In my last blog post, I wrote about the trip that inspired More to write Utopia in the summer of 1515. This post will tell the rest of the story, from More's return to England in autumn 1515, to the publication of Utopia in the winter of 1516. It is a familiar story to anyone who has ever had to write to a deadline, fighting for time and keeping editors at bay. Of course, not every such experience results in one of the most influential texts of all time, inspiring revolutions, a genre of literature and 500 years of scholars and students.
More returned to England in the autumn of 1515. The diplomatic mission may have been frustrating, taking longer than expected and yielding little financial reward, but More almost certainly returned to his home in Cheapside with a draft of Book II of Utopia in hand. Now, it just remained to write Book I. This proved unexpectedly difficult. In contrast to the enforced leisure on the continent, back in England More seems to have immediately thrown himself back into his work. By 1515 More was a high-ranking London lawyer, undersheriff of London, Justice of the Peace for Middlesex, and had 4 young children.
More found himself in the position facing most writers and academics today; the stuff of everyday living getting in the way of time and space to write. As he writes to Gillis in a letter later published with Utopia:
'Most of my day is given to the law... I pay a curtesy call to one man and visit another on business; and so almost all day I'm out dealing with other people, and the rest of the day I give over to my family and household; and then for myself - that is, my studies - there's nothing left.
For when I get home, I have to talk with my wife, chatter with my children, and consult with the servants.... And so, amid the concerns I have mentioned, the day, the month, the year slips away.
When do I write, then? ... My own time is only what I steal from sleeping and eating. It isn't very much (hence the slow pace), but it's something' - Utopia
Change 'the law' to 'lectures' and 'consult with servants' to 'answer emails' and it's suddenly remarkably familiar.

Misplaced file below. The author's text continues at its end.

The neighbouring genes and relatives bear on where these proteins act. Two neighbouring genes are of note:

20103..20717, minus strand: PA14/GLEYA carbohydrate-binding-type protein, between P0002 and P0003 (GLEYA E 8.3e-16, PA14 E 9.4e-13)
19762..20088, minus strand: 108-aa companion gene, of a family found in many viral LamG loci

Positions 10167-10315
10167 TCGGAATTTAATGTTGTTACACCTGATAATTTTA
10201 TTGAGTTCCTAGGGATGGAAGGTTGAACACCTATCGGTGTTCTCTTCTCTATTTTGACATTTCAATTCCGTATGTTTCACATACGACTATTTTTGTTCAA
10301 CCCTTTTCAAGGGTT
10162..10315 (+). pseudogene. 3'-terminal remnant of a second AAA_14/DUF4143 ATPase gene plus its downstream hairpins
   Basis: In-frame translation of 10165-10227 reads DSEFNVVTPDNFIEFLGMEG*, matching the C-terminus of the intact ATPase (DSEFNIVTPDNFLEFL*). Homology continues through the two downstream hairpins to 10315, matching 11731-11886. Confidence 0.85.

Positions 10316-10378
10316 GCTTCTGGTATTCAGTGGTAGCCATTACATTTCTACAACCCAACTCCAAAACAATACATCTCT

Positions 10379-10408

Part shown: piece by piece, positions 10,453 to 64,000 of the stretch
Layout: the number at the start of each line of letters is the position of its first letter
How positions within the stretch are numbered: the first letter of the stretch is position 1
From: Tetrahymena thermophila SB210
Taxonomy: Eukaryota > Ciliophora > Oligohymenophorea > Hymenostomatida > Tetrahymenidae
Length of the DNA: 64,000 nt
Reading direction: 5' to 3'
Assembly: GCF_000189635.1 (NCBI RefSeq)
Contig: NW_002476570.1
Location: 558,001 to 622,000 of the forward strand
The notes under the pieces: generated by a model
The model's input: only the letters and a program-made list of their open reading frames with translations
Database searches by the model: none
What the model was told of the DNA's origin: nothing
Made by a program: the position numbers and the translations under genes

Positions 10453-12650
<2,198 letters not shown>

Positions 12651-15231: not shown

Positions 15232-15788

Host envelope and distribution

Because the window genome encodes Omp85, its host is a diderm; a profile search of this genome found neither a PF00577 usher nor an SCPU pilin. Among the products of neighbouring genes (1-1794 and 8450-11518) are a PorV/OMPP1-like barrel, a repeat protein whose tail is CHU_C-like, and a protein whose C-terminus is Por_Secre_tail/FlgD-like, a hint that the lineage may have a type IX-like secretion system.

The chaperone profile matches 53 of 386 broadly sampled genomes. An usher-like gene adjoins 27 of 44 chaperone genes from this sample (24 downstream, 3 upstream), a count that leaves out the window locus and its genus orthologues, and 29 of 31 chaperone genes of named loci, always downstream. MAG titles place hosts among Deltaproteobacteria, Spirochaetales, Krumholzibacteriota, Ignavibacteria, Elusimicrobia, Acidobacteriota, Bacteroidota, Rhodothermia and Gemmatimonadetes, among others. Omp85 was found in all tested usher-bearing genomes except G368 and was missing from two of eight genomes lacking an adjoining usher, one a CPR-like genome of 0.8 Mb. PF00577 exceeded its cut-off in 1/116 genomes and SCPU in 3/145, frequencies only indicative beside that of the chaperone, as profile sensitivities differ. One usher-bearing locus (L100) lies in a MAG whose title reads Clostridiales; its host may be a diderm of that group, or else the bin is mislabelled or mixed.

In July 1516, Erasmus, Europe's leading humanist and More's friend, visited More and his family. More had done an important favour for Erasmus the summer before, and Erasmus had introduced More to Gillis. It is probable at this time they discussed the publication of More's new book, which Erasmus would oversee a few months later. Perhaps Erasmus, as the eager editor, was checking up on More's progress, though most editors (thankfully) don't drop by writers' houses for a long weekend and complain about their wives (as Erasmus did with great vehemence).
On the 3 September 1516, More wrote to Erasmus. He had finished the book, and was sending along the manuscript. He referred to this book as Nusquama - 'no-place' in Latin. It may have been Erasmus himself who gave the book the intriguing and lasting title 'Utopia', which has the added benefit of meaning 'no-place' and 'best place' (eutopia) in ancient Greek. More gives 'no urging' to Erasmus, but it is clear that he wants the scholar to oversee its publication, and hopes that Erasmus will find 'glowing testimonials' to accompany it, like the blurbs on the back of paperbacks today.
A month later, Erasmus wrote to More, promising to take care of his 'Island', his Nusquama, and sure enough he had shared it with Gillis and was gathering the requested 'testimonials' for publication. On the 18 November, Erasmus confirmed that he had given the text and the testimonials to the publisher, Dirk Martens in Louvain. The final product was almost certainly published in December 1516, to More's great joy. Within months, it was clear that it was an instant hit, and soon Erasmus was planning a second edition, to be published in Basel by Johann Froben.
But by 1517 More had other concerns, as London was in the middle of drought and frost, and tensions were about to explode in the Evil May Day Riot of 1517. More had also received an invitation to join the court of the King of England, Henry VIII. Taking such a position would certainly make it much more difficult to find time to produce texts like Utopia. To make matters worse, in autumn 1517, while More was once again a diplomat on the continent, Martin Luther posted his 95 Theses to the church door in Wittenberg, sparking the Reformation. There would soon be nowhere for Utopia in More's rapidly-changing world.
For more More see:
Peter Ackroyd, The Life of Thomas More, p. 180.
Maritere López, Daniel T Lochman, Lorna Hutson, Discourses and Representations of Friendship in Early Modern Europe, 1500–1700, p. 50-2.